The trend that we are most interested in is a trend that has the possibility of creating a big wave. We want to find the trend that has the possibility of creating investment, product or corporate opportunities from which business or sales can occur.


A trend can cause many waves. The trend to high density digital circuits has spawned many waves of technology products including mainframe and tablet computers. A trend is a long term set of events that develop fundamental capabilities. A wave is a set of products that spin out of a trend. Unfortunately, it may take a long time for a wave to gestate. But a strong technology trend will probably set up a series of waves. And, you probably cannot foresee all of the variations that will derive from the basic technology. Again, look at the development and manufacture of the first transistor and one of its resultant products – the transistor radio.


There are always windows opening up and you probably need to catch only one to really position yourself for a great life. On the other hand, professional investors and investment bankers need to catch a lot of such windows to stay on top of their game and bring in the big windfalls necessary to support their lifestyle.


When something is too popular and it is the talk of the town - watch out for the bubbles! Greed takes a long time to simmer. Fear is instantaneous and we can get burnt quickly. There is an old expression which fits here - don't try to catch a falling knife.

Reviewed by Barry Silverstein – Four Stars


This insightful work explains how to spot and capitalize on market trends.

Individuals looking to take advantage of market trends would do well to read Kenneth Thurber’s thoughtful book, Trends, Waves, Windows & Bubbles. Thurber, whose previous two books discussed how to find high-growth companies (Big Wave Surfing) and how to create disruptive ideas (Do Not Invent Buggy Whips), turns his attention here to trend spotting. He explains not just trends but their various offshoots—waves, windows, and bubbles—and how each functions. Basically, Thurber believes that a trend creates a wave that can open a window of opportunity, but if a bubble forms (think housing bubble, for example), opportunity can be lost.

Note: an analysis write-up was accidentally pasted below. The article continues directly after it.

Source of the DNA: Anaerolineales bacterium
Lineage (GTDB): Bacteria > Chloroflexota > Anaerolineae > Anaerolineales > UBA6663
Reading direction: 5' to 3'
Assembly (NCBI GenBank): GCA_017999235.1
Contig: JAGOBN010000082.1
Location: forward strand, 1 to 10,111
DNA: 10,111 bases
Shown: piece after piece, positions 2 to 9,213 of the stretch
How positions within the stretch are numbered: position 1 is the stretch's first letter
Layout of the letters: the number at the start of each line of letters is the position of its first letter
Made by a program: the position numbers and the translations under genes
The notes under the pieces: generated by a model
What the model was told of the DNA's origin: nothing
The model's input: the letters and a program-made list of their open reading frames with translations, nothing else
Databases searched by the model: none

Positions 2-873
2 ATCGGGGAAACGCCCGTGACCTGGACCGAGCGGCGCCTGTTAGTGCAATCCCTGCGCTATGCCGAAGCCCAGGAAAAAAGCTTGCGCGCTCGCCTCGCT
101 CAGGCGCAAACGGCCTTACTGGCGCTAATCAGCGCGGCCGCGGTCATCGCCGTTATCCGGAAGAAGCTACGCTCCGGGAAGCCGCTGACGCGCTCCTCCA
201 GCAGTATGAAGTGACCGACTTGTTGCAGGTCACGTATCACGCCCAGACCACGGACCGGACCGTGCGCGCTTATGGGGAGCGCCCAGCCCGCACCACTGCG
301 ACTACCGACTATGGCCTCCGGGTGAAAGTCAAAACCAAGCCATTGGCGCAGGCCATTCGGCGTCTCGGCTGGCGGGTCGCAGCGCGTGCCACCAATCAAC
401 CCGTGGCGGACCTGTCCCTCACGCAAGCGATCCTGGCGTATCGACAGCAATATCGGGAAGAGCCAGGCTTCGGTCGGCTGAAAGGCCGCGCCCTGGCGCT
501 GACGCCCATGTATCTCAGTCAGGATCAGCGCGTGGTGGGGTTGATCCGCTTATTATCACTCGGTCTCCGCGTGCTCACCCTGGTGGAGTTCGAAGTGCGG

Thurber’s notion of a trend is not necessarily original, but his approach to the topic is fresh and engaging. Using the simplest of terms, he lays out an elegant explanation of the manner in which one can identify and potentially profit from a trend while being aware of the risks associated with chasing trends. Thurber points out, for example, that while a successful trend may create a wave, “figuring out if a wave is real enough to exploit is a big issue.” Similarly, when it comes to windows, timing is everything, writes Thurber: “You must hit it at exactly the right time or [the window] will close (too late). If you try to exploit it before the market is there no one will be interested (too early).”
In effect, Thurber details the process associated with how products enter the marketplace and become quickly irrelevant or lastingly influential. Not surprisingly, most of the examples he uses are from the information technology industry. In discussing the death of a trend, for instance, Thurber relates the story of CPT Corporation, a technology company that was making a full-featured word processing machine just before the IBM PC came to market. Obviously, the PC survived and CPT did not. Thurber uses additional well-chosen stories, along with an occasional graph or chart, to support the text.
The book is divided into four parts, each covering one of the elements in the book’s title. Every part has a logical parallel structure: separate chapters define and help the reader visualize each element; discuss its importance; detail problems with the element; and demonstrate the decay, death, variations, and reinvention of each element. The chapters are succinct, the explanations are clear, and the text is easy to read. Thurber begins with a prologue and ends with an epilogue, tying up his argument in a tidy package.
Thurber’s book is very well designed. Each part is identified with a subtly illustrated divider page and has a concluding section. The cover carries an attractive illustration surrounding the title. The book would have benefited from some biographical information about the author, as well as further descriptions of his previous two books. An appendix of additional resources might also have been helpful.
Trends, Waves, Windows & Bubbles presents an excellent way for any reader to understand the life cycle of a market trend as well as how to potentially profit from it.

Barry Silverstein
April 28, 2014